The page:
In­dus­trial ac­cents can spruce up your decor


THERE’S some­thing so uniquely in­ter­est­ing about in­dus­trial ac­cents in the decor. The rough-hewn tex­tures and fin­ishes add lots of visual in­ter­est and a sense of his­tory. The awe­some ac­ces­sories, pic­tured here, can be found at Wicker World in Win­nipeg. Th­ese dec­o­ra­tive items are vastly dif­fer­ent than the every­day ac­cents of­ten found at big-box stores. The in­dus­trial flavour of th­ese ac­ces­sories adds an el­e­ment of his­tory from var­i­ous in­dus­tries of the past. In­dus­trial touches can be added to your decor through var­i­ous means. Any­thing that is rem­i­nis­cent of items you might find in an aban­doned ware­house can be used to en­hance your decor. Find­ing in­ter­est­ing items, such as the ones pic­tured here, is one way to add visual in­ter­est, but there are lots of other ways to bring some unique touches to your decor. Us­ing items such as old metal pipe, for ex­am­ple, in an ap­pli­ca­tion such as a hand rail­ing is one way to add an in­dus­trial touch. Old signs, be they tin or rough wood (es­pe­cially in a large scale) are won­der­ful ac­cents for the home. Ex­posed brick or re­claimed wood used on a fea­ture wall can bring in tons of character and tex­ture to a bland room. Old trunks and suit­cases can be used as ac­cent ta­bles. Metal lock­ers might be some­thing to con­sider for the en­try­way in­stead of a tra­di­tional closet. Sawhorses used as ta­ble bases add a sense of in­dus­try to the decor. pat­terns (sewing pat­terns can be found at thrift stores for a few bucks) and mis­cel­la­neous sewing no­tions. This field of in­dus­try is par­tic­u­larly in­ter­est­ing here in Win­nipeg, which was once a large hub in the gar­ment in­dus­try. A shipping ware­house might in­clude items such as old scales, an­tique adding ma­chines, metal or wooden ta­bles on cas­tors, old maps and so on. Do some re­search on spe­cific in­dus­tries to get some ideas that will trans­late to your decor and your in­ter­ests. can trans­late into in­ter­est­ing ideas for your home. A large ta­ble on cas­tors can be­come a kitchen is­land, cof­fee ta­ble or ac­cent ta­ble, de­pend­ing upon the height and size. Over­sized mir­rors, let­ter­ing, signs, clocks, chalk­boards and the like can be used as a head­board or sim­ply as a fo­cal piece of art­work. You may not come across a sal­vage rolling ta­ble, but you can pur­chase a cof­fee ta­ble with an in­dus­trial feel and add large in­dus­trial-styled wheels to the legs. Over­sized let­ter­ing is hard to find but might be easy to make us­ing pa­pier mâché. An old leaded glass win­dow might be hung as a dec­o­ra­tive el­e­ment in your decor. Your home might not have ex­posed brick, but you can cer­tainly add a brick fea­ture wall from one of the many brick and brick-like prod­ucts avail­able. In­stalling wide-plank, hand-scraped wooden floors is another op­tion. You can make your own over­sized chalk board by paint­ing medi­um­den­sity fi­bre­board with chalk­board paint. The list is end­less when you open your mind to the pos­si­bil­i­ties. You don’t nec­es­sar­ily want to go all in­dus­trial in your decor, un­less you live in an old con­verted ware­house. Use enough touches to add in­ter­est, but don’t overdo it. A few well-placed items might be all you need to add that ex­tra some­thing your decor is lack­ing. Look for op­por­tu­ni­ties to cre­ate th­ese unique touches when you’re out and about. Look around at in­dus­trial el­e­ments in restau­rants and large ware­houses to gar­ner ideas. The In­ter­net is also teem­ing with great ideas to get you started. His­tory, tex­ture and visual in­ter­ested await you.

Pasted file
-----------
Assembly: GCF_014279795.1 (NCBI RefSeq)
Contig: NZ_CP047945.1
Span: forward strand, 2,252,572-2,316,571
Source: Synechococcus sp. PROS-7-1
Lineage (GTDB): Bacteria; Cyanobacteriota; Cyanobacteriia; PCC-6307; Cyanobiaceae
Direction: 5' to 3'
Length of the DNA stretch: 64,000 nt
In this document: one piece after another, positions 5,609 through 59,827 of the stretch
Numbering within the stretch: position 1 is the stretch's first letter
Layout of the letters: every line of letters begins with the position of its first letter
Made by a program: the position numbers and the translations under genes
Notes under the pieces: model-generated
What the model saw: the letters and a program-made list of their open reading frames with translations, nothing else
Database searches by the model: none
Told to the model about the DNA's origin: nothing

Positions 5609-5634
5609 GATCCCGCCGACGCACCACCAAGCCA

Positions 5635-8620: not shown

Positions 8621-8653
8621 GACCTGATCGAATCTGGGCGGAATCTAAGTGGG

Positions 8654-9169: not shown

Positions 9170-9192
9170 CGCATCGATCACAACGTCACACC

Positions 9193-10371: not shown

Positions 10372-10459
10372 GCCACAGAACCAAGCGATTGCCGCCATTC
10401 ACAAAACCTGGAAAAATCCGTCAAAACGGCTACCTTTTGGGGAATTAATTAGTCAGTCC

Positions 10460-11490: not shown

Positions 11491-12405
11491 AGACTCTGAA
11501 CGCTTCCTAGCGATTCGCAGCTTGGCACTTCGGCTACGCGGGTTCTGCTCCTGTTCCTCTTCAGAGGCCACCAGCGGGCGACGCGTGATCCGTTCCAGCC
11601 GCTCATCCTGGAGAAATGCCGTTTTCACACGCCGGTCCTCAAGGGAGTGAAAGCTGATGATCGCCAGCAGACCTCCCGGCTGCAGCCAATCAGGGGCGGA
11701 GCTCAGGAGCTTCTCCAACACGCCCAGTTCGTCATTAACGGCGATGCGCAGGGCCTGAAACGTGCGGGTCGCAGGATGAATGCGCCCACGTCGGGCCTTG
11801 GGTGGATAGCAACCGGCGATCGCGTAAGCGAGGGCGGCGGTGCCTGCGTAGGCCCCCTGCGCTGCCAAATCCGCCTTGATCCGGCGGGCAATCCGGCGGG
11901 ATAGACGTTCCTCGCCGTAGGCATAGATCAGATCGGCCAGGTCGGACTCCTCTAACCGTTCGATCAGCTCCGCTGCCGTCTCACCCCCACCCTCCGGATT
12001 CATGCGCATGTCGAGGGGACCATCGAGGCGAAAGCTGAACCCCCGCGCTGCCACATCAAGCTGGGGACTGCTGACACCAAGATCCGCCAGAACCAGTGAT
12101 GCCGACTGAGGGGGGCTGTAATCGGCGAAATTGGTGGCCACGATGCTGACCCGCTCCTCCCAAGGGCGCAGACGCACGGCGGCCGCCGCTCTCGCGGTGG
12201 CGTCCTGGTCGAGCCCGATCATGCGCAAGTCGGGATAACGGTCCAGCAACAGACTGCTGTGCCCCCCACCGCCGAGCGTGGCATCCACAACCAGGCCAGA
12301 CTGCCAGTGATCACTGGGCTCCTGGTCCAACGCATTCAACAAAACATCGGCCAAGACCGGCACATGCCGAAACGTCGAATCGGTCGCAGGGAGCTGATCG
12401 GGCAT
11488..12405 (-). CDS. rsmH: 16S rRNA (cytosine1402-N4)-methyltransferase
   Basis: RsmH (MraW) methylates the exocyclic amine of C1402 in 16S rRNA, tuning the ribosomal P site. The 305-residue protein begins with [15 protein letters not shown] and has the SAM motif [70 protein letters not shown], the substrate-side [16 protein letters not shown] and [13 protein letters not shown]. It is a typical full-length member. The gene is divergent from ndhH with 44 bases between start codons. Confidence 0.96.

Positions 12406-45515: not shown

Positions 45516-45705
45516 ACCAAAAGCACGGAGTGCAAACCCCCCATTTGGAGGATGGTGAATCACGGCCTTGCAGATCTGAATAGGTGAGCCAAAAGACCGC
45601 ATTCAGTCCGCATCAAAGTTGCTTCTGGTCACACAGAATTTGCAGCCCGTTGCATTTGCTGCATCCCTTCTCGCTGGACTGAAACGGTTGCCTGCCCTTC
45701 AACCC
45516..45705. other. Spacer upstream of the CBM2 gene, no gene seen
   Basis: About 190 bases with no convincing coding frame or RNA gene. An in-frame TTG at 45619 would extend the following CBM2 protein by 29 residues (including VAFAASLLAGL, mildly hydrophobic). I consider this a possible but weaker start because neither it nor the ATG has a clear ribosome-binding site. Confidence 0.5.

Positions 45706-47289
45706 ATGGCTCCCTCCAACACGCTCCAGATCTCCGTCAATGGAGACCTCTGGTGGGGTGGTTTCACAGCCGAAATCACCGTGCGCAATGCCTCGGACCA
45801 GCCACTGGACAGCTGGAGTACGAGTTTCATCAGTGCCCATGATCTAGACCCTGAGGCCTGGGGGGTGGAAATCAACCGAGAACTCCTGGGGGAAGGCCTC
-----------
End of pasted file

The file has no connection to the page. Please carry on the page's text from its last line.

Old wooden crates of­fer a rus­tic ap­peal while adding a sense of in­dus­try to your decor.

Dec­o­rat­ing with large spools of thread

or twine can trans­form a room.

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